Time, space and money. I was going to follow up my discussion of time with a discussion of space, and I still may write urlabout space in a future blog.  But I thought money, especially at this time of year, was a better topic. Space is a strange topic and not easy to write about, especially from the perspective of deep reality in which there is the high probability that space, like time, is actually an illusion. Money, although also an illusion, is easier to understand.

I recently met with Gary Renard the author of the Disappearance of the Universe and other bestselling titles that challenge our concept of time and space. In addition to being a wonderful author, workshop leader, and speaker, Gary is also a stock market day trader. He has done extremely well day trading lately, as have others with stock investments over the last year. 2013 in fact was the year in which the stock market reached new highs on almost a daily basis.  Gary seems to have the money issue figured out, at least for the present.

I have generated and lost large sums of money over the last fifty years. Money was always easy to generate but not always easy to keep. I started earning money as  a small boy with several entrepreneurial activities stretching back to my first days at  summer camp where I learned I could trade cookies bought in bulk for much more money than the cookies purchased at “wholesale” generated sold at “retail”. I was also very good at gambling and seemed to always win at competitions as well. Still seems to be the story today as I win golf  bets much more frequently than I lose.

I have represented bestselling titles which have generated tens of millions of dollars for individual authors and millions in commissions for me. I have participated as a finder in selling companies that have generated even larger economic value. I am comfortable with large sums of money.

Part of the reason is that although I respect money, I do not take money all that seriously. Having great sums of money does not translate into having more happiness. It is essential to have enough money to live a life that does not require constant worry over paying for rent, food, education and other necessities and small pleasures.  But money itself is much less important than the general media would have you believe.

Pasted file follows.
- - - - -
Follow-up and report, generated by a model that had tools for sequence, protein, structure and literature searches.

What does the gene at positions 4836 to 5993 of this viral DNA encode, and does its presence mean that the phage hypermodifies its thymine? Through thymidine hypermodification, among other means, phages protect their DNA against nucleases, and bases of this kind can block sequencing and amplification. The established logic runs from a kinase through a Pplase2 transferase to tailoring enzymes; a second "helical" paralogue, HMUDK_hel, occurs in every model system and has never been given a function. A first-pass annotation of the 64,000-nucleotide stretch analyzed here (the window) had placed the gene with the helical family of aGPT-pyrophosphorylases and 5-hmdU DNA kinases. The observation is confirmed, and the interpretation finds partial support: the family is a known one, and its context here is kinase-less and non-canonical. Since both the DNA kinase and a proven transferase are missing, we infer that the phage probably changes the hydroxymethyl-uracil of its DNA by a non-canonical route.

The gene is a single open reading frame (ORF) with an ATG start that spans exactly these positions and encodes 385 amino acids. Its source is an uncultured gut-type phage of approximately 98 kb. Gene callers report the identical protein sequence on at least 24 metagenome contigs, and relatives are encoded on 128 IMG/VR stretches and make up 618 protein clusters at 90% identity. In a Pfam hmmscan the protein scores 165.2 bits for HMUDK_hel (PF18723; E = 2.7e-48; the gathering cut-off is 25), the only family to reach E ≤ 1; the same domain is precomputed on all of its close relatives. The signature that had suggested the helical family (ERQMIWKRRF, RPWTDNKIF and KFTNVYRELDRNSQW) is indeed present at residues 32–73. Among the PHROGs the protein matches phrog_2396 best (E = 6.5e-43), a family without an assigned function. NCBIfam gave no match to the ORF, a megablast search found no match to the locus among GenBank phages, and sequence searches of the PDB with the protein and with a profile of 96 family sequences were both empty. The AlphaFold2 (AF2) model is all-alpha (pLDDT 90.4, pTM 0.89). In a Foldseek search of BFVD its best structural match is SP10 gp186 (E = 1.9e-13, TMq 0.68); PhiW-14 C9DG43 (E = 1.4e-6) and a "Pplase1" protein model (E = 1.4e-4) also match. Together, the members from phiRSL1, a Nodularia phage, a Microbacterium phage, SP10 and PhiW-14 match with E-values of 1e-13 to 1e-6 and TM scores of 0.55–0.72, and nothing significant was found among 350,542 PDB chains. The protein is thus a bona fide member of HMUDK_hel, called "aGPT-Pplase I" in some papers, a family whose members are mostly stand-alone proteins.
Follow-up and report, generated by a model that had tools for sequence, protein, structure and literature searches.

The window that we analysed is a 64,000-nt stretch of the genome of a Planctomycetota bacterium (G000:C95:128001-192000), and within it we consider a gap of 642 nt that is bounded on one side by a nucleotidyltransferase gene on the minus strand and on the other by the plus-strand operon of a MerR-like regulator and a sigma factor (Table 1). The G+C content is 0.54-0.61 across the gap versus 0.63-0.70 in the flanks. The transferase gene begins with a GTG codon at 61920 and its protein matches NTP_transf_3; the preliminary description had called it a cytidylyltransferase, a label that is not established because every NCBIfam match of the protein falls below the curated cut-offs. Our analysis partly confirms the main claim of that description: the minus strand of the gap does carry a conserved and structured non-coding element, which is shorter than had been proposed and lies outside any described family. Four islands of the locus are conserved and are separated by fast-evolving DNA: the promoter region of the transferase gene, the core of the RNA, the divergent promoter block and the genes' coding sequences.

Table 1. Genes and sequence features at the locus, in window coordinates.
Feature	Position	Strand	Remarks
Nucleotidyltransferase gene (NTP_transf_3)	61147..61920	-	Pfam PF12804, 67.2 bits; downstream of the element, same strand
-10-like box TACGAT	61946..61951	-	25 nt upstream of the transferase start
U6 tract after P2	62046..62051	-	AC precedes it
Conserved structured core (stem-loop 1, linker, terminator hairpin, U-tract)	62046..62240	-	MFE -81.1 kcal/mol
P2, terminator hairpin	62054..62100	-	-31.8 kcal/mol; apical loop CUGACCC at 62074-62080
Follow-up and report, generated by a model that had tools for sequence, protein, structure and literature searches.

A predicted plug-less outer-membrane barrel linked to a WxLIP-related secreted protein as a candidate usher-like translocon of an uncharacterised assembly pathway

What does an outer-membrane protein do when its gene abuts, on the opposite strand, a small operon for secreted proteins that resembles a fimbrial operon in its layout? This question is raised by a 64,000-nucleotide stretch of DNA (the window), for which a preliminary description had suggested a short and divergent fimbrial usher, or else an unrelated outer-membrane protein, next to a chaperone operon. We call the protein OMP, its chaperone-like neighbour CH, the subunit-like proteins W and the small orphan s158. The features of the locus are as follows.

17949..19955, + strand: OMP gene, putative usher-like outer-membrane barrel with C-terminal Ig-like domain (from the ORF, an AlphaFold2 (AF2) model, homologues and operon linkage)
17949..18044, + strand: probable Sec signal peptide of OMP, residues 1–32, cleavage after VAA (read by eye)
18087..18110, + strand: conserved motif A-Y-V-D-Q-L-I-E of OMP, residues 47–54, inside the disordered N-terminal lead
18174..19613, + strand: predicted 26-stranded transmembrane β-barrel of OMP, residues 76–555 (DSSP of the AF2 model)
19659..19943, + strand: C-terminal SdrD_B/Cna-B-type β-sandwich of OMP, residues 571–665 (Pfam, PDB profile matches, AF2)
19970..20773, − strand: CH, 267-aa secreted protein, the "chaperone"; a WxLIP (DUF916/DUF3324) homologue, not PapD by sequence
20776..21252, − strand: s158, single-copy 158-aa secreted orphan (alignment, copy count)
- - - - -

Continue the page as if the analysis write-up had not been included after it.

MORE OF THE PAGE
Fundamentally money is the biggest illusion in our world. We have created an economic system in which certain individuals generate billions of dollars in income annually while others may not be able to generate enough to pay for food and shelter. Bill Gates is once again the richest man in the world having added $15 billion plus to his net worth last year primarily because of the increase of the value in his Microsoft stock holdings. I respect Bill Gates, but I doubt his value as a human being is a billion times greater than that of any other human being. When we measure worth in dollars and when we reward and make available the benefits of human civilization in terms of dollars that is the kind of valuation that occurs.

This week I agreed to represent an author, Jim Brunton, who lives in the South American rain forest. Jim works with indigenous people for whom money is a new concept. Their wealth is measured in the beauty of their environment and the freedoms they have enjoyed living unencumbered lives. As they enter our world of money they start at the bottom of our economic hierarchy and require help from those for whom money is not an illusion.

I travel in both worlds and am sensitive to both. I do not believe that the world of money is sustainable. Nonetheless the money world will continue to dominate for several decades. My hope is that we do not allow the illusions of money to destroy the world of physical beauty before we devise a new illusion. Money. Earn it, keep it, and use it wisely. And keep in mind where true value really lies.

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One Response to “Money”

  1. Chuck says:

    I am a fan of Gary Renard and have read all of his books.

    I will say that in following video from 2012, Gary suggests shorting the stock market and buying gold. Anyone who took his advice made very bad move in 2013…

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